All of today’s motor vehicles have an array of warning lights that illuminate upon starting and then extinguish immediately, demonstrating that all systems are go. If the car in question is a diesel vehicle then an additional light for the correct functioning of the diesel particulate filter (DPF) is included. As with all warning lights, if it lights up and stays lit, then the driver has an issue that needs looking at, pronto.
About The DPF
As the name suggests, the DPF collects the impurities arising from diesel fuel emissions as required by state rules and regulations. The DPF quietly gets on with the job underneath the car without any interference from the driver. However, from time to time, mileage depending, it does require occasional maintenance to run at its best. It’s a very important automotive part. Your local car servicing garage can advise on correct procedure regarding the cleaning of the unit, but there are steps an owner can take:
Diesel particulate filters, if properly maintained, can have a long life. However, over a considerable period of time, a diesel particulate filter can become clogged up by the soot from engine exhaust.
A good point to note is that, clogging will happen sooner if a vehicle is used only locally with little running at highway speeds, as on a motorway for example. When the DPF becomes clogged the performance of both the filter and the car suffers. This will be noticed as a marked drop in performance or even a shift to ‘limp’ mode depending upon the model. Whatever, the DPF has to be cleared.
The aforementioned dashboard warning light will identify the issue. The ‘how-to self-clear the DPF’ is all in the manual for the car but, failing that, for best results the job should be handled by a professional garage, perhaps as part of a routine interim service. A properly functioning DPF is a requirement of the MOT test. So, if the car’s DPF light comes on and stays on, here are some tips to help remedy the situation.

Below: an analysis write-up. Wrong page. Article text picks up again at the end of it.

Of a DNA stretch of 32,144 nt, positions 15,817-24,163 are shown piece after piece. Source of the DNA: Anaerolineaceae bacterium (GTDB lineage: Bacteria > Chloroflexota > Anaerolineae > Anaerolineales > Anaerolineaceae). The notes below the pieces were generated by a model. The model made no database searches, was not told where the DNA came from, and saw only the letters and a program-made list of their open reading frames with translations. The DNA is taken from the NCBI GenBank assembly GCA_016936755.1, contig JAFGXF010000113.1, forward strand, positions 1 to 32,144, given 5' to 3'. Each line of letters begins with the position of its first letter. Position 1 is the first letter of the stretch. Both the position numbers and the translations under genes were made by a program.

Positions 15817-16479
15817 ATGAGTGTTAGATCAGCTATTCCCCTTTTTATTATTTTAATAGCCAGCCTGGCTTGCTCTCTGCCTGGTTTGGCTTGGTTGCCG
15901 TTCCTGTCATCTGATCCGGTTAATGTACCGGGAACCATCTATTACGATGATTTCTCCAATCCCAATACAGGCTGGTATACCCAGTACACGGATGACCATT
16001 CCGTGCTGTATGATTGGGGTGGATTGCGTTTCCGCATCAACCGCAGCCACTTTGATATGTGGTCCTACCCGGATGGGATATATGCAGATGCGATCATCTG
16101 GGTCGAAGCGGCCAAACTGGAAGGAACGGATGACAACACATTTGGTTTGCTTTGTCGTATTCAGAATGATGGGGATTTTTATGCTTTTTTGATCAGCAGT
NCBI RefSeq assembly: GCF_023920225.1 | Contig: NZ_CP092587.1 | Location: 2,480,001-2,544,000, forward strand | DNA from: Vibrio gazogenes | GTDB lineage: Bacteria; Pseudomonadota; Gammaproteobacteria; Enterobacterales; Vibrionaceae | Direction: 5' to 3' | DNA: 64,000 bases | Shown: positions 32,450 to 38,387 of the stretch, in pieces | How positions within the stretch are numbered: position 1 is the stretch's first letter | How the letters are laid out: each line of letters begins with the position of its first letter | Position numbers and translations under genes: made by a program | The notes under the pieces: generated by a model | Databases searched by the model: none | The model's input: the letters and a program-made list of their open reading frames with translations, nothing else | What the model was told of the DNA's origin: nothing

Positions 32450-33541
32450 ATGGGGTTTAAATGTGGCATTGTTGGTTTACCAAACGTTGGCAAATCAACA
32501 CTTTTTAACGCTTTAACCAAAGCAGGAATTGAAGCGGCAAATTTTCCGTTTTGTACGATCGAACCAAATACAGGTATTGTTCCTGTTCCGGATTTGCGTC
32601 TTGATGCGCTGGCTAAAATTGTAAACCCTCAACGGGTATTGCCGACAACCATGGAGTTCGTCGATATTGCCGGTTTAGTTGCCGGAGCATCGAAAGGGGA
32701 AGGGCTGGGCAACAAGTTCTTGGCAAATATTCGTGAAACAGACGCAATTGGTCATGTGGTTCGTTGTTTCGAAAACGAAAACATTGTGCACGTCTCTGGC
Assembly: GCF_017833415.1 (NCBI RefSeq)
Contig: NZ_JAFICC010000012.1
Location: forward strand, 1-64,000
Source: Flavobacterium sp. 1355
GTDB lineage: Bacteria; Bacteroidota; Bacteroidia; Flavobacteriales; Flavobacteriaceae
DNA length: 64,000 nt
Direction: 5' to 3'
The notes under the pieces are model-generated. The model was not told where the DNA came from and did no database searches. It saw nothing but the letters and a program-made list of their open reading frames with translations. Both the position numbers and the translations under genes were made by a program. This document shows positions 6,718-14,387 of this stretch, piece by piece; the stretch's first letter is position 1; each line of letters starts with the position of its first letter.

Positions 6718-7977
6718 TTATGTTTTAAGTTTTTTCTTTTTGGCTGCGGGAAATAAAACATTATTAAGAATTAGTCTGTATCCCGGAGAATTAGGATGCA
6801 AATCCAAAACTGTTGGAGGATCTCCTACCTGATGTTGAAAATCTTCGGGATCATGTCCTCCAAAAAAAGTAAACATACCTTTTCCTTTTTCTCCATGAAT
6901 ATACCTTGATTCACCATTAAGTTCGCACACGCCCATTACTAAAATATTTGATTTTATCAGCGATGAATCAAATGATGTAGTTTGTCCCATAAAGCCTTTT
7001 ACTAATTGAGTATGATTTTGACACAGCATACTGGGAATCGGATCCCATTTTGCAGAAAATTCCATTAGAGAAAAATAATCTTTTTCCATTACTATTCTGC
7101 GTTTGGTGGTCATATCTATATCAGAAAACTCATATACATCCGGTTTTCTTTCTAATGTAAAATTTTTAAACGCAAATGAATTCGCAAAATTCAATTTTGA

There are certain actions an owner can undertake that will help the system to ‘regenerate’ and clear itself. For example, a half-hour high-speed run (up to 70 only, obviously) on a major road or motorway will have the effect of ‘burning off’ any residue in the filter. This is called ‘passive’ regeneration. Clearly, if there’s a passive method it makes sense that there must be an ‘active’ method too.
Active regeneration of the DPF normally does not require any external tools or products. It is in fact a state of running built into your car’s engine control unit (ECU) by the car maker. Once in this state, the engines air-fuel ratio will be altered to raise exhaust temperatures and as a result of the very high temperature will allow the DPF to clear. Some cars may need an external software tool to be plugged in, in order to activate this state, in which case consult the garage.
When That Doesn’t Seem To Work
Since the introduction of the DPF, professional garage services began to offer a cleaning service. Your local garage, (Note: only if suitably equipped with the correct specialist equipment), can, by process of ‘forced regeneration’ get it running properly once again. This is best left to the experts: The correct diagnostic or reset tool must be used and the job could take up to thirty minutes or so. The car servicing garage will ensure that the regeneration process is conducted in a safe environment as exhaust temperatures will be very high.
Don’t even think about removing the DPF. It’s illegal and will invalidate insurance. Far better to keep it running correctly. If the car is getting older, why not make it a part of the annual car service? Of course it costs money; anything to do with cars does, but the improved fuel consumption and smooth running of the vehicle will be the payback. As sensible owners know, a well maintained car will always have better economy and reliability. That’s got to make for worry-free motoring.